“A big dumb love song c/o the Captain (Beefheart, that is) who had no tolerance for fools, or straights, or normals, or anybody anywhere that couldn’t grasp The Strange. But he clearly had a heart. A friend of mine used to insist that if he ever got married, I Love You, You Big Dummy would be the first dance. He did eventually get married but no, it didn’t get played first, last or anywhere in between. The divorce papers got filed less than a year later.” (Philip Random)
“1970’s Remedies found Dr. John in full-on Night Tripper mode, particularly on side long Angola Anthem, which someone once told me was pure evil. To which I now say, nah, but it is about an evil place, Angola Prison, Louisiana (the Alcatraz of the South), the kind of place that hardened criminals would break down at the mere mention of, because doing time at Angola was a journey to the nightmarish past, the days of slavery. I don’t think Dr. John (aka “Mac” Rebennack) ever did time there himself, but a little research reveals he did do some federal time in Texas, so the feeling is he must have heard some stories. So yeah, welcome to those nightmares.” (Philip Random)
Second of two in a row from the same King Crimson 7-inch single, though Philip Random first heard both Groon and Cat Food via the 1976 compilation Young Persons Guide to King Crimson. “I still get a chuckle at the thought of a track like Groon being allowed anywhere near a record with pop ambitions. Not that it actually charted or anything. Just the idea of it. And the execution. King Crimson being not just one of the brainiest outfits ever (care of main man Robert Fripp), but also one of the best in terms of pure chops and articulation, regardless of who was in the line-up at the time. Subsequent live versions of Groon would prove to be longer, deeper excursions, but I’ve always preferred the original’s tighter, sharper, more compact assault.”
King Crimson were a mess come 1970. A year earlier, they were tearing up the zeitgeist with their debut album, re-framing the very definition of so-called rock music. But one North American tour later, almost everybody had bailed – for reasons of love, sanity or, in the case of singer Greg Lake, greater fame (and riches) with the outfit that would come to be known as ELP. Though he did stick around long enough to deliver a few vocals for the second King Crimson album, including the oddly cut-up attempt at pop glory Cat Food, which, of course, failed in the unit-shifting department, but only because it was (and likely still is) at least half a century ahead of its time.
In which Joe Cocker and crowd unleash the other Give Peace A Chance – the one that brings down the house toward the end of maybe the greatest hippie movie ever made. No, not Woodstock. There was too much mud, way too many people. Mad Dogs + Englishmen had a tighter focus, which was a useful thing in those rather wasted days. Just one hot band (a big one mind you) and the wild and colourful tale of their one and only tour together. That’s Leon Russell in the top hat by the way, the maestro holding it all together.
In which the the Sunshine Superman (aka Donovan) sees which way the wind is blowing at the dawn of the 1970s, ditches the flowers and patchoulie, straps on an electric guitar and gets to rocking, celtically, with a murky tale from times of old about real trolls, the kind that live in caves or under bridges, sometimes giants, sometimes dwarfs, always very ugly and keen to grab unsuspecting travelers (it’s actually about the Industrial Revolution). And it’s not just a one-off. The whole Open Road album is a keeper, its raw, rather elemental sound reminding us that before he was anything else, Donovan Leitch was a folk singer, a minstrel, traveling alone through hollow lands, taking notes, telling the truth.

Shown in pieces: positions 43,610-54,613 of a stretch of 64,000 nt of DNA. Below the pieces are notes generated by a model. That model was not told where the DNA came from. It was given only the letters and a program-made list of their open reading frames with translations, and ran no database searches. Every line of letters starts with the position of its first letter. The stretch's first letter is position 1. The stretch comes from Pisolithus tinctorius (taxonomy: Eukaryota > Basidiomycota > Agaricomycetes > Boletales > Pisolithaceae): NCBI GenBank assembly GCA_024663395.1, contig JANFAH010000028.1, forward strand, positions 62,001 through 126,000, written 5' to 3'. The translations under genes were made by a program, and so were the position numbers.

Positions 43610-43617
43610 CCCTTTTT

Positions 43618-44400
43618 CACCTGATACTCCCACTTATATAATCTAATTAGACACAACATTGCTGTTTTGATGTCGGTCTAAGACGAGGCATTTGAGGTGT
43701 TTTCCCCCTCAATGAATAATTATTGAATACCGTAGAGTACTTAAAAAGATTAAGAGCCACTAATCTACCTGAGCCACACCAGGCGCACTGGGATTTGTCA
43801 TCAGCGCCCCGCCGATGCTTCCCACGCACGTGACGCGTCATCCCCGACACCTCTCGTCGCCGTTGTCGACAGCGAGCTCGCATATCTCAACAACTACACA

“Speaking of ear worms, call this Eric Clapton number one of mine, always just lurking there, ready to slip into my consciousness if I’m feeling sorry for myself. Not that I’ve ever been a huge Eric Clapton fan (Jimi Hendrix was always better, and Jimmy Page, Steve Howe, Neil Young, Duane Allman, Peter Green, Pete Townsend even). Nor have I been perpetually lonely, and where the hell is home anyway? “It’s back there somewhere,” as my friend Steve used to say, thumb pointed over his shoulder and far away, “Always in the rear view.” (Philip Random)
“Speaking of darkness, I would’ve been eleven when George Harrison’s All Things Must Pass hit the world (and hit it did). The Beatles had just broken up and it was the first serious indication that all was not lost. The big singles were My Sweet Lord and What Is Life, but I got to hear the whole sprawling six-sided thing because my cousin got it for Christmas. I wouldn’t say I understood a song like Beware of Darkness but I got it anyway. That is, who cared about the specifics of the words? The title and mournful tone were enough, speaking volumes about the nature of a messed up world, all that hungry darkness floating around, wanting a piece of me.” (Philip Random)
“Eric Burdon took his whiteman-slumming-in-blackman’s-world thing all the way to the edge (and beyond) on his second (and last) album with the band known as War, with the epic take on one of the great Rolling Stones songs a definite (and definitive) highlight. It was released in 1970, but I didn’t hear until 1994. A moment I remember all too well. Kurt Cobain had just offed himself, everybody was fumbling around in shock at my friend Steven’s place. Suddenly some guy whose name I forget said something like, ‘F*** you, Cobain. There’s always something to live for. I bet you never even heard this.’ And then he slapped side one of Black Man’s Burdon on the turntable.” (Philip Random)